Sometimes, as a community, we can forget that the most important elected positions are in our very own backyards, not Washington DC. As Shaun King is fond of stating, “when they go low, we go local.” Yet rarely do state races garner the kind of media attention they deserve, even when they are significant milestones in our history.
This year, three African American candidates from Orlando, Miami, and Broward are vying for top-ranking law-enforcement positions, putting Florida at a major crossroads when it comes to the State’s Attorney’s race. Campaigning in a time of coronavirus is no easy task, especially when the stakes are so high. If they were all to win, it would be historical in a myriad of ways.
Harold Pryor and David Cannady in Broward and Melba Pearson in Miami will be the first African Americans to hold that position, with Pearson being the first Black woman to run in Miami. In Orlando, Monique Worrel is looking to be the second African American to win in her area – continuing the legacy of the first African American in Florida to hold the position.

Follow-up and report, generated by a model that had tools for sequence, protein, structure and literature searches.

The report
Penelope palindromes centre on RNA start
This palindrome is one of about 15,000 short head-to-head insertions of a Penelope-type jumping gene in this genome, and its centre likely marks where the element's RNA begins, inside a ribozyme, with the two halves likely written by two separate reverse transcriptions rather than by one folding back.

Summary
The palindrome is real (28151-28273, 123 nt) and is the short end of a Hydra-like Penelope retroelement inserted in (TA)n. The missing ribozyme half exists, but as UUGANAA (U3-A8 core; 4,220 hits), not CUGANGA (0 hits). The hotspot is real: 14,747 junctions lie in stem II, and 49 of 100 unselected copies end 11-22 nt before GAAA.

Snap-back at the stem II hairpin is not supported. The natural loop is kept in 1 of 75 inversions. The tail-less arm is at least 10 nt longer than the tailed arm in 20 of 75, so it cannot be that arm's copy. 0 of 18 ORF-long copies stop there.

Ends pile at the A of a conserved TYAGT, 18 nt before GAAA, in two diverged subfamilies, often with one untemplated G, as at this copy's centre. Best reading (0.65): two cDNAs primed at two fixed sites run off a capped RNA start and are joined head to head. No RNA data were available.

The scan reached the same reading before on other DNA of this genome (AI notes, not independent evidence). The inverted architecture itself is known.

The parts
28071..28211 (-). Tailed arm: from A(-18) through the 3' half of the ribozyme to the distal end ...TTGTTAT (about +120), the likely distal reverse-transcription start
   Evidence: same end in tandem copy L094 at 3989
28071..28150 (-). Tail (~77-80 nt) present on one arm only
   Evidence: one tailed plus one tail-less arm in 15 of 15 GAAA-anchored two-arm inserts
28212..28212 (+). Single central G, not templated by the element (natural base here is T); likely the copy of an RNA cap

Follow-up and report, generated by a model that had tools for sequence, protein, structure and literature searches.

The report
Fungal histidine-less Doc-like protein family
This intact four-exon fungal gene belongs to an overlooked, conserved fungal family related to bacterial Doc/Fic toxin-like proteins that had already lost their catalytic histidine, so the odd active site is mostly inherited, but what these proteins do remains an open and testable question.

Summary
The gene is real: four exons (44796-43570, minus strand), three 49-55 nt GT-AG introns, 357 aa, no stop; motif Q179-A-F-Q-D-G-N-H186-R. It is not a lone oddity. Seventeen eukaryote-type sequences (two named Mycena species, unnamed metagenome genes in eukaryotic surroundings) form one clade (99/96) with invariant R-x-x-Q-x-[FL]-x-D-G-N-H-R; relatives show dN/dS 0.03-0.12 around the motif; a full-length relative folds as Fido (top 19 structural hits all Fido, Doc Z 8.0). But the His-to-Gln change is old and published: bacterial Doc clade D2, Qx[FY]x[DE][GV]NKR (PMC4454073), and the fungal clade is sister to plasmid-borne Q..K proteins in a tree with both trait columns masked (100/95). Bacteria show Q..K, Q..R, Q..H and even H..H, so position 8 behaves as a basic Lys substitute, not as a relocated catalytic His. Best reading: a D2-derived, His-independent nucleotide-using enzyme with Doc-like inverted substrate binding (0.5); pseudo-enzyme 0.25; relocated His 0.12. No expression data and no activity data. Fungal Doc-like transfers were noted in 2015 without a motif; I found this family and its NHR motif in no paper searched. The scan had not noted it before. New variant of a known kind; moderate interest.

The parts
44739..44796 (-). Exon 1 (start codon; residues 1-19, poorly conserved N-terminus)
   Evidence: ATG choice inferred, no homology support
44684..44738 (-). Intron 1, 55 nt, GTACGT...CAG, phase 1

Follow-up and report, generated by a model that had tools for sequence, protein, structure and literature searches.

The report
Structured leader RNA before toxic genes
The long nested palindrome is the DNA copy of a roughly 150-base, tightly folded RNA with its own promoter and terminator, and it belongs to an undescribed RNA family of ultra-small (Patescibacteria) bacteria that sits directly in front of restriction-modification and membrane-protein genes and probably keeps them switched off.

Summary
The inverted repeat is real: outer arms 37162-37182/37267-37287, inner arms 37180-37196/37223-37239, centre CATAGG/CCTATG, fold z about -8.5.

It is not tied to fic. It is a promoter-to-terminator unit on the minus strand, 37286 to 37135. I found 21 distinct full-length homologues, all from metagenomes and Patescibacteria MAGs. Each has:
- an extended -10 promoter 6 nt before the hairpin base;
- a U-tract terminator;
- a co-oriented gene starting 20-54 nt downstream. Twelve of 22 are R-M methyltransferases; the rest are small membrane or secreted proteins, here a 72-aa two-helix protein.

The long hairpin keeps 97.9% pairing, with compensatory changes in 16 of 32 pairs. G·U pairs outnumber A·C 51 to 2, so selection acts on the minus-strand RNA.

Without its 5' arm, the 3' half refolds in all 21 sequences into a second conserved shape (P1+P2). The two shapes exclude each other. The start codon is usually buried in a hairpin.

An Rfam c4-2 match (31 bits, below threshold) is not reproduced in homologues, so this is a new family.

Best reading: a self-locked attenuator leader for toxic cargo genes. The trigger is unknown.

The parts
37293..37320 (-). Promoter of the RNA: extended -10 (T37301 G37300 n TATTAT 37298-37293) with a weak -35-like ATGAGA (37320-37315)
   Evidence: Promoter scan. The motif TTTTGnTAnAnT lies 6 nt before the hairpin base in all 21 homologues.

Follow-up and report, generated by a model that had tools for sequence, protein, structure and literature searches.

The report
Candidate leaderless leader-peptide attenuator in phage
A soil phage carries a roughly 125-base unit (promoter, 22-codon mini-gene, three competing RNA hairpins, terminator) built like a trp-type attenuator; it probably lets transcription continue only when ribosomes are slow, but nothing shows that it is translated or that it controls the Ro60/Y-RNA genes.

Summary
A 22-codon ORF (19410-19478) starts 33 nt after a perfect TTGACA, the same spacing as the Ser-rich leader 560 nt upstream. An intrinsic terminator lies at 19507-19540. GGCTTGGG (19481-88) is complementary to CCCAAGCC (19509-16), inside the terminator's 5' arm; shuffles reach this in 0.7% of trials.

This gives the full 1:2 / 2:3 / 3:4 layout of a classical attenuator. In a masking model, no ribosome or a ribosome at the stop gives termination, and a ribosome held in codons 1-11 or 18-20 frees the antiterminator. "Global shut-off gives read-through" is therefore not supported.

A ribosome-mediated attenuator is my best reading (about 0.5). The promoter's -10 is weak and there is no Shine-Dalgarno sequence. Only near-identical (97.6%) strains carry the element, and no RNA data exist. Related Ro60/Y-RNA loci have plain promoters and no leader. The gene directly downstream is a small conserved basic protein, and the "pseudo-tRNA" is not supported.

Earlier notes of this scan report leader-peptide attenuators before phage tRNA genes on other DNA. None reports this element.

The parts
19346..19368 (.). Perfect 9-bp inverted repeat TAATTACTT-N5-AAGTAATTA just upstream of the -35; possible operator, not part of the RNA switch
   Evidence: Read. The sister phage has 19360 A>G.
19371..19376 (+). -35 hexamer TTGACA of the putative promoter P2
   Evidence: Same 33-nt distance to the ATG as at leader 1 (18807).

Historically speaking, African Americans have found more success on the local and legislative levels of office. Yet to date, there has never been an African American governor; or any that have served in key cabinet positions since Reconstruction, with the first African American elected to higher office in the state of Florida post-Reconstruction being Gwendolyn Sawyer Cherry. Nationwide, over 90% of elected prosecutors are usually white, with 79% being white men.
Of course, there are prevalent reasons for this, look no further than the usual systematic suspects of oppression. People of color often struggle due to a lack of fundraising abilities, recognition, and incumbents who leverage connections within the community backed by a war-chest worth of donor money. Then, there are those few cases of our community leaders, advocates, and grassroots activists questioning black candidates’ viability in comparison to their white counterparts, especially if two Democrats are competing. Fearful of repercussions for backing another political horse from within the same party and the minuscule policy headway they may have already made. Which, in turn, creates unspoken lore of a perceived ability to destroy opponents’ careers and those who supported them. Lastly, merely overcoming everyday racism—and sadly sometimes even colorism—from potential voters makes running a truly unappealing option at times. It can, initially, be a very thankless task.